Not everyone has made it through. Two men were removed from the program, one because of a new arrest and the other because he absconded, Dumond said.

But they have been the exceptions.

An example to others

A 20-year-old man from Salisbury learned last week that he will graduate next month, a year after enrolling. That means his theft and drug charges will be dismissed.

The man said he didn’t graduate sooner because he had some setbacks. He said that included an addiction to spice, a synthetic marijuana.

“They helped me through my ups and downs,” the man said, crediting Dumond, his public defender Brooke Belanger and the court staff. “I would imagine that if I was in the normal court system, I would have ended up in jail. It would have been, ‘You screwed up again.’ These people have helped me in the ways that I needed.”

When asked how he’d been most helped, the man said, “I can talk to anyone here about anything.”

Another participant, a 50-year-old Concord man, could have graduated four months ago, but he has been unwilling to say goodbye to the people involved with the program. He came into the program charged with operating after suspension, and the city prosecutor’s office saw the court as a way to get him mental health treatment that may have eluded him otherwise.

Belanger doesn’t want to see the man leave the program and has told him she’d like him to stick around as a mentor to newer participants. “One of our clients said, ‘Can you tell me when (the man) graduates because I want to be there,’ ” Belanger said. “He was one of the people he helped the most.”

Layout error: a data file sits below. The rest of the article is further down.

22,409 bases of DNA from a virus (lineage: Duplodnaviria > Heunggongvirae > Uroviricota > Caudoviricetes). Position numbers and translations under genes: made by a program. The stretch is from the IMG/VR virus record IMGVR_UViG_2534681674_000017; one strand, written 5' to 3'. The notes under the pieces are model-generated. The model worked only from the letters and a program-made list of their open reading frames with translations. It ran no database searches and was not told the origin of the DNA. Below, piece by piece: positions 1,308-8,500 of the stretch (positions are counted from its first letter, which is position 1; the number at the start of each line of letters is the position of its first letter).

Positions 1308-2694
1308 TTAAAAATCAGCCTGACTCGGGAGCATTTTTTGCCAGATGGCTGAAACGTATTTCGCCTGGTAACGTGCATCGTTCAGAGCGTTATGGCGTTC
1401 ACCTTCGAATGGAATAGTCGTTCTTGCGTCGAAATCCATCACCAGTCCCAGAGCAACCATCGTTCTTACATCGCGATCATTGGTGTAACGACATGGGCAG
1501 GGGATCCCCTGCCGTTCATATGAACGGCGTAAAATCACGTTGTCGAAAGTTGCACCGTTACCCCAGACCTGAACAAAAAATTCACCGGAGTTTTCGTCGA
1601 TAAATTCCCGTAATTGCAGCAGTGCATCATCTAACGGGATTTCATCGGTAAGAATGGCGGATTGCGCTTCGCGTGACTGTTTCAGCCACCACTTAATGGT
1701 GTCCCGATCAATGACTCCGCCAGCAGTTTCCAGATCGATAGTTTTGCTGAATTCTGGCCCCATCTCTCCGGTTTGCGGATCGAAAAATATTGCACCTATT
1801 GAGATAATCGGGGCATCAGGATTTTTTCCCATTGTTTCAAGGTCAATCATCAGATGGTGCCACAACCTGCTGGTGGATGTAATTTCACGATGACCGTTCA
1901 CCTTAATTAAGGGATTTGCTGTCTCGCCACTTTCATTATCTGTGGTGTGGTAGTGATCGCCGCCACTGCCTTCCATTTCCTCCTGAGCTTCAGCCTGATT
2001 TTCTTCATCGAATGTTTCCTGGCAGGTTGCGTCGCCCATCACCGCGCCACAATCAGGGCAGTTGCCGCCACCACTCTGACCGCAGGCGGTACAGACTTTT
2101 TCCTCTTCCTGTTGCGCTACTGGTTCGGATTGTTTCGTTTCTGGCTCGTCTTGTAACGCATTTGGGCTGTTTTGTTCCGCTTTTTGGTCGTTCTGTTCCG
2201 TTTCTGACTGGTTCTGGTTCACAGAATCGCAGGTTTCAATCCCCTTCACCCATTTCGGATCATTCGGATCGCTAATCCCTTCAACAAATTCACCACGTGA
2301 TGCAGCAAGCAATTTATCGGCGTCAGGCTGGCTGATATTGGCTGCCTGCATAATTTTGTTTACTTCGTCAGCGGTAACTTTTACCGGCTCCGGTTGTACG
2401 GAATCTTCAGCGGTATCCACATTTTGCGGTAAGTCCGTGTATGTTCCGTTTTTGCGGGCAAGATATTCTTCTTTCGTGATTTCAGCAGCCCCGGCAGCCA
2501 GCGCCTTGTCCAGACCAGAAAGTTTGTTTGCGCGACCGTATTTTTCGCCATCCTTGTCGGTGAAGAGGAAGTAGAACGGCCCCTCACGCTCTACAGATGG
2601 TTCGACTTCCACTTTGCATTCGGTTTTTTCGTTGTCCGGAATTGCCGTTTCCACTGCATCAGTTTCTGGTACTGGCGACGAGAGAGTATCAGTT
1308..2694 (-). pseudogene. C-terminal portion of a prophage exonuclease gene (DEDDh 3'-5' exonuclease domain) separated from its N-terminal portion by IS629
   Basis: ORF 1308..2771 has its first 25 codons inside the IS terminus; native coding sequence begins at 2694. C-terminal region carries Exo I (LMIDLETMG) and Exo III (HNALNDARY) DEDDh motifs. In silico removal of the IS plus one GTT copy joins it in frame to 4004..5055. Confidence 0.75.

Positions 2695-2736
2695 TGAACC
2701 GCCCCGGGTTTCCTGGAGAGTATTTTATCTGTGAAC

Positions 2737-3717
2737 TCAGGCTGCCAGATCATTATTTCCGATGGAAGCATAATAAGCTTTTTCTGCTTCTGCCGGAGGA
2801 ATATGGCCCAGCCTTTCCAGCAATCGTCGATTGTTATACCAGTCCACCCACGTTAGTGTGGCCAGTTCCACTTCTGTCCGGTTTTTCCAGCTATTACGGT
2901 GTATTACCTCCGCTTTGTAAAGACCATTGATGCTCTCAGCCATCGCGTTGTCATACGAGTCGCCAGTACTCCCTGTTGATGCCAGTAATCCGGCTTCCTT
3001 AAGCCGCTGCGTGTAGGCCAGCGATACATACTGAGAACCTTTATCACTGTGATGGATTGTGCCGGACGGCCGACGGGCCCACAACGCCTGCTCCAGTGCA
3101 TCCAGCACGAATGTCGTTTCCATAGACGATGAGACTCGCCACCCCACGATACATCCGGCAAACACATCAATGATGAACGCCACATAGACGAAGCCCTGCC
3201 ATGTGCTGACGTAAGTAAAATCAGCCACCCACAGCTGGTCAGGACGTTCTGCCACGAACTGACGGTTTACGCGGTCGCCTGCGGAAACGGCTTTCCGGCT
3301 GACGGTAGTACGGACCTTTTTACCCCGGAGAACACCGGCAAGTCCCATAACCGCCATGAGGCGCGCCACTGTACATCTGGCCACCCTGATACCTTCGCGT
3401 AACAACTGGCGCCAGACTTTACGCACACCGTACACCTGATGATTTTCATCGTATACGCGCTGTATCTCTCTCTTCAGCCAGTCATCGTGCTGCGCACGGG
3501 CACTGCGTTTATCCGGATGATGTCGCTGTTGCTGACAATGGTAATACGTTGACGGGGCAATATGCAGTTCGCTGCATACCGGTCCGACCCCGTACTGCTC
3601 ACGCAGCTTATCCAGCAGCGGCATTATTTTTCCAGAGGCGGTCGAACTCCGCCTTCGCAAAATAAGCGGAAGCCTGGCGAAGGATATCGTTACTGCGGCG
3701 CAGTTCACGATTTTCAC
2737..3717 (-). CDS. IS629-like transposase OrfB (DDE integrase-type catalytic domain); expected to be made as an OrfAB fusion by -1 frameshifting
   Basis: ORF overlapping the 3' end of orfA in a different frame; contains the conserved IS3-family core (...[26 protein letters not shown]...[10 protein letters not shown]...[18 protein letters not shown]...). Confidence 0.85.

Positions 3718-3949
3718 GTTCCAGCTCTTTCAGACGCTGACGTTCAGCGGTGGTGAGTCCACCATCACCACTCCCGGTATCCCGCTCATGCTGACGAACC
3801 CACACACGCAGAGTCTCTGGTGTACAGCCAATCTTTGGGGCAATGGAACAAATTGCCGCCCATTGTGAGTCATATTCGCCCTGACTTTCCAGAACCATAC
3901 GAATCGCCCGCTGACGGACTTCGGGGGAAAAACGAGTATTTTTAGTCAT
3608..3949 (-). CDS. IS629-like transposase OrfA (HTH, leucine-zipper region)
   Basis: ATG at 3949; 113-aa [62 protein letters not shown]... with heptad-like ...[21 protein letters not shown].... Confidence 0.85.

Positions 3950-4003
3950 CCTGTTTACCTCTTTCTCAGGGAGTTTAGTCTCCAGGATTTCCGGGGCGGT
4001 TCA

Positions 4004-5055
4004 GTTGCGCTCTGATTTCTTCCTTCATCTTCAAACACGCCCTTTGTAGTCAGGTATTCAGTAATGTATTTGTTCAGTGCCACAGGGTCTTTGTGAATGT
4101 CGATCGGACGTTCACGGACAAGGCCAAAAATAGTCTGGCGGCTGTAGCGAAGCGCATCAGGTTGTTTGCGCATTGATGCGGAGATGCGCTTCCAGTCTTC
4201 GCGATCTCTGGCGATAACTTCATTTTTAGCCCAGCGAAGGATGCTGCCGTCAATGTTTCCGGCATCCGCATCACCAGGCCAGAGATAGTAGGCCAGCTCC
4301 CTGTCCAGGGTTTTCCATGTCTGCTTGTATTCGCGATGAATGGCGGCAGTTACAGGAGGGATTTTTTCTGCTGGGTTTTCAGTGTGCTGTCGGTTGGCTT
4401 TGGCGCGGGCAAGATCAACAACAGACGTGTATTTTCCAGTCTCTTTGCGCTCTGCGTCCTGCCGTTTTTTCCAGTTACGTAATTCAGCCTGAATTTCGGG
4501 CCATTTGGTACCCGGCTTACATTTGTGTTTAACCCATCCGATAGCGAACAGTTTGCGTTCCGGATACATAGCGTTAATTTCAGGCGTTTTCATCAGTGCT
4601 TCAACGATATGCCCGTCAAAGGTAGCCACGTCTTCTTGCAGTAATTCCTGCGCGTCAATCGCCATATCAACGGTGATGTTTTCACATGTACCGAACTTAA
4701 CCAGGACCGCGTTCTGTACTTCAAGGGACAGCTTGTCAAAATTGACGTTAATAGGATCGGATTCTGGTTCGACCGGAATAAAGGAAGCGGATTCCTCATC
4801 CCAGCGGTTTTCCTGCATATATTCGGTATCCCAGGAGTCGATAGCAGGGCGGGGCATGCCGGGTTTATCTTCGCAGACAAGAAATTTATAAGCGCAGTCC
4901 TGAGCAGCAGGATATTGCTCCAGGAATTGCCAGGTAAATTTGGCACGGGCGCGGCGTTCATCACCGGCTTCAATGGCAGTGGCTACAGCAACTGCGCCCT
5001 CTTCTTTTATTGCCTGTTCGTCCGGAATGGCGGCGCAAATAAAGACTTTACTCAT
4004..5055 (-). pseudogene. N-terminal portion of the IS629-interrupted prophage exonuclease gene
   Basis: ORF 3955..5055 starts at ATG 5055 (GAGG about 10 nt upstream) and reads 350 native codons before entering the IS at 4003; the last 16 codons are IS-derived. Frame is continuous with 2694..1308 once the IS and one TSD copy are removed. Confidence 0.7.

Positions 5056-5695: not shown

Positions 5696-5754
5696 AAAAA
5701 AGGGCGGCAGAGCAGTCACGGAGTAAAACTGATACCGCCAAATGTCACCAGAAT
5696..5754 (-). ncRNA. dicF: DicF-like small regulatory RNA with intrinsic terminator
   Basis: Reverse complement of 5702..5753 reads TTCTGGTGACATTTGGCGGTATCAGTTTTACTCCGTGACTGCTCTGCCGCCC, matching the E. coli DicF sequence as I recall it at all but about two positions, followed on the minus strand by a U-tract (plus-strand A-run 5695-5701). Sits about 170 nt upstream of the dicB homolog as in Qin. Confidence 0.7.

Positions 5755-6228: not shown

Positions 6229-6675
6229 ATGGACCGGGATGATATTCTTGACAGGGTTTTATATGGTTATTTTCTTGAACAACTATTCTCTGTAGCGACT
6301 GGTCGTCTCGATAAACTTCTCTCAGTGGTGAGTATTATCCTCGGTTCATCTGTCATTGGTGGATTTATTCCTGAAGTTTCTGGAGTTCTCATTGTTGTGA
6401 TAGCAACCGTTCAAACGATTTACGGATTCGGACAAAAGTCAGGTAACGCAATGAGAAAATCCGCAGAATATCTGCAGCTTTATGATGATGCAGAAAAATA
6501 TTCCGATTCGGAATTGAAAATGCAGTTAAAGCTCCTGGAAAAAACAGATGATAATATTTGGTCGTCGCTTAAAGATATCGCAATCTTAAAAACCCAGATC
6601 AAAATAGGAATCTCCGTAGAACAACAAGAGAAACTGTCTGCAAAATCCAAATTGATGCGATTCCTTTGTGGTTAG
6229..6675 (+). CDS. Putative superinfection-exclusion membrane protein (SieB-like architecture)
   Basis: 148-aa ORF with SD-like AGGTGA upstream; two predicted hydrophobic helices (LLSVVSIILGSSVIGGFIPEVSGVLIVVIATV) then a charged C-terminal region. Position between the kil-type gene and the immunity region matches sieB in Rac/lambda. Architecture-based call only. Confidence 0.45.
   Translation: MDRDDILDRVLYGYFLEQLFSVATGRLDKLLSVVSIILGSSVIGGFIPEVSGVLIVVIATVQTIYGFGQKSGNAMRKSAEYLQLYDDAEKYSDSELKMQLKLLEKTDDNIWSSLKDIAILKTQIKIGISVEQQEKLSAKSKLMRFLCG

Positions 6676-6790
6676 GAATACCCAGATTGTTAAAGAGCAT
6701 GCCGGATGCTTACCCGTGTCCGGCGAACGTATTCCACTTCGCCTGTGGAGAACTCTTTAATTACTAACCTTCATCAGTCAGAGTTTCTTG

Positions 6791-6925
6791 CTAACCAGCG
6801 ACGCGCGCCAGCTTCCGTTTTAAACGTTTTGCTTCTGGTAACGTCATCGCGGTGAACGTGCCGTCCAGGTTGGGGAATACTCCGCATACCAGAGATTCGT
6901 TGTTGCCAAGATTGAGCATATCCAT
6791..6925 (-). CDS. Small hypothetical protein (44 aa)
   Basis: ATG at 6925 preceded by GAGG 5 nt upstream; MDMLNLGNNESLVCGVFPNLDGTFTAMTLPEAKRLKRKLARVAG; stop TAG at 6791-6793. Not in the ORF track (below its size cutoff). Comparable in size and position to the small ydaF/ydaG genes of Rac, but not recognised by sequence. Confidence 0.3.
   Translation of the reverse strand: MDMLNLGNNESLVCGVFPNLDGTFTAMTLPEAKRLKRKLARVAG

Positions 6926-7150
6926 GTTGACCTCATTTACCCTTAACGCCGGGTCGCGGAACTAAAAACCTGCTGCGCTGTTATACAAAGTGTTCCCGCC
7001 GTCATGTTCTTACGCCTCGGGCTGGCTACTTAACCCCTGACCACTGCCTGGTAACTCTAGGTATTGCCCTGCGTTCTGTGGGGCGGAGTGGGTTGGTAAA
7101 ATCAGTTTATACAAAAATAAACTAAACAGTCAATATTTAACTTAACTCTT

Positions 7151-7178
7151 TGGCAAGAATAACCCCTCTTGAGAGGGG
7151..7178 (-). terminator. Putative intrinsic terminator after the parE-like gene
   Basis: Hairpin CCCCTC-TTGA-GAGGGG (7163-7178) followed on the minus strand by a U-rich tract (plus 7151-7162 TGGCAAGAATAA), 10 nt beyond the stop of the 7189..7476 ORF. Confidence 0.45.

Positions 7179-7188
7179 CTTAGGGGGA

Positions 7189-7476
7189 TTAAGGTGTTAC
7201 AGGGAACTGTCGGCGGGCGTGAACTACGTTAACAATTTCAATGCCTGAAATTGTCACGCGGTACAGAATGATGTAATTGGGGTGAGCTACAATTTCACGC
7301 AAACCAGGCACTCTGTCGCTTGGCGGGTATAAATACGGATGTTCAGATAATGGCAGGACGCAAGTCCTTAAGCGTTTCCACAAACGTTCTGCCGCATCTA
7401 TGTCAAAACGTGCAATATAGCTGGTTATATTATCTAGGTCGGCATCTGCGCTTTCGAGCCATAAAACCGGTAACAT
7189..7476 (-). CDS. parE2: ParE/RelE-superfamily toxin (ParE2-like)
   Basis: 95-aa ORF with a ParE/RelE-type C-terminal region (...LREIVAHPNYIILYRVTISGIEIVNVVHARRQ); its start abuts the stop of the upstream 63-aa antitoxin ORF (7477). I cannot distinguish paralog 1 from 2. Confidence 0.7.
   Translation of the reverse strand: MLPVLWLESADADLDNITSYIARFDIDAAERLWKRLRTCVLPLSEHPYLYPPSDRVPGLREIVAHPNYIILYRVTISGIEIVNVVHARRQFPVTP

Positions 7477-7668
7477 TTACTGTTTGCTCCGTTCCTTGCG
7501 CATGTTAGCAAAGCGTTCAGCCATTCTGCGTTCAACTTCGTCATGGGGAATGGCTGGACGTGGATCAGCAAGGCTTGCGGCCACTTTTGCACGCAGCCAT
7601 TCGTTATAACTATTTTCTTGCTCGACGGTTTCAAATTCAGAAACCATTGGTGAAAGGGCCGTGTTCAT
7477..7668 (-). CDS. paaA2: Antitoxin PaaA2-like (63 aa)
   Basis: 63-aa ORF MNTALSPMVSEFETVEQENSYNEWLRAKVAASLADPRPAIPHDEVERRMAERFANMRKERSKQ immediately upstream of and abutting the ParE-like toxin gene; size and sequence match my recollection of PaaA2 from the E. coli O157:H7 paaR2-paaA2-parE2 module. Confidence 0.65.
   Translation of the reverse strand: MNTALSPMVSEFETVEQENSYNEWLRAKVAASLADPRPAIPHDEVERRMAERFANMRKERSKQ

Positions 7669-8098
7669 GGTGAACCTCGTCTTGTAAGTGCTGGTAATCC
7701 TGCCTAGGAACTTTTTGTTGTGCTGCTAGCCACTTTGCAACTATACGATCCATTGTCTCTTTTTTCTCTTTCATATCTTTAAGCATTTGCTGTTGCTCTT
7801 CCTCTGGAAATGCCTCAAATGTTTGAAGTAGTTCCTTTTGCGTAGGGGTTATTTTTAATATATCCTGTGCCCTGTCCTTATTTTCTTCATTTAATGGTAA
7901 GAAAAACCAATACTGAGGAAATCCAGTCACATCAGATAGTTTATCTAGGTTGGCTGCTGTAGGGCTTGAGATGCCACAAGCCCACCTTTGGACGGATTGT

The man has already proven himself to be a great mentor, Belanger said. He’s told others in the program how they can get a free phone if they can’t afford one. He’s tracked people down at homeless camps and given out job leads. And when he sees court participants on the street in Concord he tells them “to keep their nose clean.”

Belanger said the man was a very different person when he began mental health court. He agrees.

“Here you get the help you actually need,” he said. “And everything isn’t being slammed at you. It’s more relaxed so you don’t feel so tense. It would do more harm by putting (participants) in jail than having them take this program.”

(Annmarie Timmins can be reached at 369-3323, atimmins@cmonitor.com or on Twitter @annmarietimmins.)

Tomorrow: Many uncertainties ahead.